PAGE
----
H&M becomes latest retailer to start charging customers to return orders

H&M has started to charge customers to return orders <i>(Image: Mike Egerton/PA)</i>
H&M has started to charge customers to return orders (Image: Mike Egerton/PA)

H&M has become the latest retailer to charge a fee to customers who want to return online orders.

If customers wish to return parcels, whether that be in-store or online, they will have £1.99 taken from their refund total per parcel.

This isn’t the case for H&M Members though as they will still be able to return items for free.

If a delivery fee is paid, customers will only have it refunded if every item from the H&M order is returned.

H&M charges customers to return orders unless they're part of loyalty scheme

A spokesperson for the retailer told the BBC that the change to returning orders was made in the summer.

Other retailers such as Zara, Boohoo, Uniqlo and Next are already charging for returns of online orders.

Analysts believe more retailers will follow H&M and begin charging for returns too.

Retail expert Jonathan De Mello said: "It's interesting that companies seem to be doing it by stealth, but it's a sensible thing to be doing.”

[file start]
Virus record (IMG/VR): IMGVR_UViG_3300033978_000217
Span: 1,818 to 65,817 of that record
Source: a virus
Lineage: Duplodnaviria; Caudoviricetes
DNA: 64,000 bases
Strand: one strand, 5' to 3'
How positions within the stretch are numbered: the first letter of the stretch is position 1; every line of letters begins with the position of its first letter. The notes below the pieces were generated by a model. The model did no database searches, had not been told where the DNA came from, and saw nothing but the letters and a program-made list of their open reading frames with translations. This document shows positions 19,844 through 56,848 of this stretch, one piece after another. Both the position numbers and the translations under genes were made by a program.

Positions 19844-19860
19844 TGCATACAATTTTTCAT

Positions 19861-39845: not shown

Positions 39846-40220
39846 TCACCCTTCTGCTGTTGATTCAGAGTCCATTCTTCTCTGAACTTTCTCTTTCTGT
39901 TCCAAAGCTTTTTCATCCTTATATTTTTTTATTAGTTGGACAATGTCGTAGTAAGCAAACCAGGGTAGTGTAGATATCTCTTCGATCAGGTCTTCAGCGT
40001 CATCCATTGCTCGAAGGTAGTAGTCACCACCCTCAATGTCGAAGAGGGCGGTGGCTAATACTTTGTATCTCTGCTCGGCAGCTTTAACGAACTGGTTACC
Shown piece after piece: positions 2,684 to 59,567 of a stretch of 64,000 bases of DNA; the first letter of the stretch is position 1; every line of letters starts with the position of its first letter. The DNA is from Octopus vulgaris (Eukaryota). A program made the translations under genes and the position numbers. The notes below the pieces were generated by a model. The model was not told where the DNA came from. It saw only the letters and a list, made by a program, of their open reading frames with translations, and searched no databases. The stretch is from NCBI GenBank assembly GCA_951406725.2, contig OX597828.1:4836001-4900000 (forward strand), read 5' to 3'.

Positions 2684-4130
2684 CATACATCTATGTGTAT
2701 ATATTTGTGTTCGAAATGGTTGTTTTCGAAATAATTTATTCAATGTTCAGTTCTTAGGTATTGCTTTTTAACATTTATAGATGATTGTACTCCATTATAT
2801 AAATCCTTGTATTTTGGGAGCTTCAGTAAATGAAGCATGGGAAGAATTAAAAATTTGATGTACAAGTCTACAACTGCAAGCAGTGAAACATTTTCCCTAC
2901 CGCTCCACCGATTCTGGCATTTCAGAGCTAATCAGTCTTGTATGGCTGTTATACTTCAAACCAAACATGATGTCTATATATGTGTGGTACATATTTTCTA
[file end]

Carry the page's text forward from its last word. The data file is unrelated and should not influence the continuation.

He added: "It makes economic sense, as it discourages shoppers from bulk buying online products and then returning the majority of them. That's been a real problem for companies."

Despite some customers potentially reacting negatively to the change, he said that most would understand why companies would need to make the decision.

Customers with faulty or incorrect orders won't be charged the fee

Customers who return faulty or incorrect items won’t need to pay the £1.99 returns fee but it’s up to them to make sure they mention this when returning their items, the H&M website says.

Mr De Mello said since H&M members will be able to return items for free, it reflects the trend of loyalty schemes and retailing towards them.

"Particularly in the cost of living crisis, retailers need to work harder to retain customers, as people are keen to shop around for the best deals," he said.

"Loyalty is fickle, but if you can provide clear incentives, such as free returns, then you're more likely to retain your customers."